A sizeable body of research addresses programs or reforms that stress parent involvement as a means to improve student academic achievement and restructure public schools (see, for example, Epstein, 1995; Fruchter, Galletta, & White, 1992; Rioux & Berla, 1993; Turnbull & Turnbull, 1990; U.S. Department of Education, 1994). Fruchter, Galletta, and White (1992) analyze 18 recently developed programs or reforms that stress parental involvement as a strategy to improve student academic performance, restructure schools, and reform public education, especially in schools serving low-income and disadvantaged students. Rioux and Berla (1993) highlight innovative parental involvement programs for diverse populations of students enrolled in pre-kindergarten through high school and suggest strategies for creating successful programs. In Strong Families, Strong Schools: Building Community Partnerships for Learning, the U.S. Department of Education (1994) describes how schools, community-based organizations, businesses, states, and federal programs can help parents take more active roles in their children's learning. For families of children with disabilities, Turnbull and Turnbull (1990) provide a review of research and practice on partnerships between families and professionals, including school personnel. Of particular relevance to families' involvement in their children's education is the discussion of barriers to family participation in developing an individualized education plan (IEP).2 Additionally, Epstein (1995) has summarized the theory, framework, and guidelines that can assist schools in building partnerships. To add to the body of evidence on strategies to build and strengthen school-family partnerships, we selected schools to include in this Idea Book that had not, for the most part, been featured in other national publications.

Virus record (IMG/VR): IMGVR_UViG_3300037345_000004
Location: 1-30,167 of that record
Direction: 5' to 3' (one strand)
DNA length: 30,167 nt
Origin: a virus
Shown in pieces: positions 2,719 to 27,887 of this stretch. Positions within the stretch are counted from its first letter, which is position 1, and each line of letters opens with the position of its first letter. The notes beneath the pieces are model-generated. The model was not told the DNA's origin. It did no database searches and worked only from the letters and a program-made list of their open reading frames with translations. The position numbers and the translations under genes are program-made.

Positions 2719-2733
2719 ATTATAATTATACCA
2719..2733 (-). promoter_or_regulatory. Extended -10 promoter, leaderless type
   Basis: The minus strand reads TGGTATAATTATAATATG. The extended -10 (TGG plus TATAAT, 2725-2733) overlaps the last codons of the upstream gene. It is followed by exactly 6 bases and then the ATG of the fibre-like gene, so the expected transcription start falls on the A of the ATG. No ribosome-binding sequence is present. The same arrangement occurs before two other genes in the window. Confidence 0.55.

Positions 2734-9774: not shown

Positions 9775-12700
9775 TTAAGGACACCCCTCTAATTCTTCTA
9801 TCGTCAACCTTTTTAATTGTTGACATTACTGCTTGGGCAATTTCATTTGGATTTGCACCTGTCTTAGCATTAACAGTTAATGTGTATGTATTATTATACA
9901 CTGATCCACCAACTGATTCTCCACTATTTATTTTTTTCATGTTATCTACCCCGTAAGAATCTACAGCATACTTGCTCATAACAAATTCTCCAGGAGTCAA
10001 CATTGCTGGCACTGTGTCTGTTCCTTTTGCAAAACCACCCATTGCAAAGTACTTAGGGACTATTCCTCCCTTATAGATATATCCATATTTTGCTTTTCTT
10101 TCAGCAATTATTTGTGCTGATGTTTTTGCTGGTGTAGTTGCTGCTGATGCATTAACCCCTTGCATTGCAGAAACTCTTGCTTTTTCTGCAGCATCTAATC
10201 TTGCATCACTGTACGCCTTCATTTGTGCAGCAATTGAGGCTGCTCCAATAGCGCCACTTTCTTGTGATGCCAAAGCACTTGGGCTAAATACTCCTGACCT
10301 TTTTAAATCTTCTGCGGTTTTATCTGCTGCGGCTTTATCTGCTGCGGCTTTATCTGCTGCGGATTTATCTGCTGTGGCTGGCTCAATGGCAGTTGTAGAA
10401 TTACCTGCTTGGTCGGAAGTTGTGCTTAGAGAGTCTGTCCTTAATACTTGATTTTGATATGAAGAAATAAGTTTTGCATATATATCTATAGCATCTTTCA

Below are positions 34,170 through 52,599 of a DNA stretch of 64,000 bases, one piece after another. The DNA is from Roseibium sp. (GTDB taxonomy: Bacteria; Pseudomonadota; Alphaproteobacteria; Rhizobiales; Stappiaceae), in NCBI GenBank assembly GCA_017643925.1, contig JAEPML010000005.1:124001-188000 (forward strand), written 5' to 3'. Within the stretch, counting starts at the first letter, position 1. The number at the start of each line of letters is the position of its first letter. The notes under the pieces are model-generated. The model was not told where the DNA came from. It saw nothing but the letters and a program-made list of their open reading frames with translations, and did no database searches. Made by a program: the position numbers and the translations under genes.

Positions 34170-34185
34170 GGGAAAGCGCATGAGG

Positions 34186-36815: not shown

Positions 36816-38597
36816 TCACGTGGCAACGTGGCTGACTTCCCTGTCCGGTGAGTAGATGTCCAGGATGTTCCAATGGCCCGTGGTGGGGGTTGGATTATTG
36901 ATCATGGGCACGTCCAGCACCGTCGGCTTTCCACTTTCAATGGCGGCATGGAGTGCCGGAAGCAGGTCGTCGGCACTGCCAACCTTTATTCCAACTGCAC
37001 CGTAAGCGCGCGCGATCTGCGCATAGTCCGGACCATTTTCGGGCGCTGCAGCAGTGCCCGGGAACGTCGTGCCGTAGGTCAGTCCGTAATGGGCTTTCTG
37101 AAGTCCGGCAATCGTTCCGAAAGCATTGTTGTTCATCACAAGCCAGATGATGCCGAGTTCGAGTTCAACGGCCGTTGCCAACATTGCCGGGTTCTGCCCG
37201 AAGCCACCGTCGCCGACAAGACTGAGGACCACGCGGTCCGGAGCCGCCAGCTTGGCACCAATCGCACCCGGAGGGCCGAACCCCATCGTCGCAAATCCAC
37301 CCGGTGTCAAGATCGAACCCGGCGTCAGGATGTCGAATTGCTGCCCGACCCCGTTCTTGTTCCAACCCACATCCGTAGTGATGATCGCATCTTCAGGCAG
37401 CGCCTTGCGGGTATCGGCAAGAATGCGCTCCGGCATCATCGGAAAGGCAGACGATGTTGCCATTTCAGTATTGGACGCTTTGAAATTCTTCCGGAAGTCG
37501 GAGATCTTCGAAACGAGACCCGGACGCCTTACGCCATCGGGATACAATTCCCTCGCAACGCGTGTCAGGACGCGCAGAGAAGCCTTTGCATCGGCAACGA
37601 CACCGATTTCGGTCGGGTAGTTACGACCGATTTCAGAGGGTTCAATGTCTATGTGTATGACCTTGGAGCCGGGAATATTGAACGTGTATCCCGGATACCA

After scanning the research and receiving experts' recommendations about Title I schools and districts with successful parent involvement programs, we telephoned potential sites to collect information about parent involvement activities and strategies, demographic information, and evidence of success, including data on the level of parent involvement in particular activities as well as any improvements in student achievement. This information for the 20 programs appears in appendix B. Most of these sites demonstrate a wide variety of parent involvement strategies and present strong evidence of success in increasing the numbers of parents participating in activities. A few also provide some evidence of improvements in student performance. However, in selecting the 20 programs, priority was given to those that had high or improved parent participation levels, since in most cases it is not possible to attribute improved student achievement directly to particular parent involvement strategies or activities. (Gains in student academic achievement depend on many factors that include parent involvement as well as curriculum, instruction, and effective teaching.)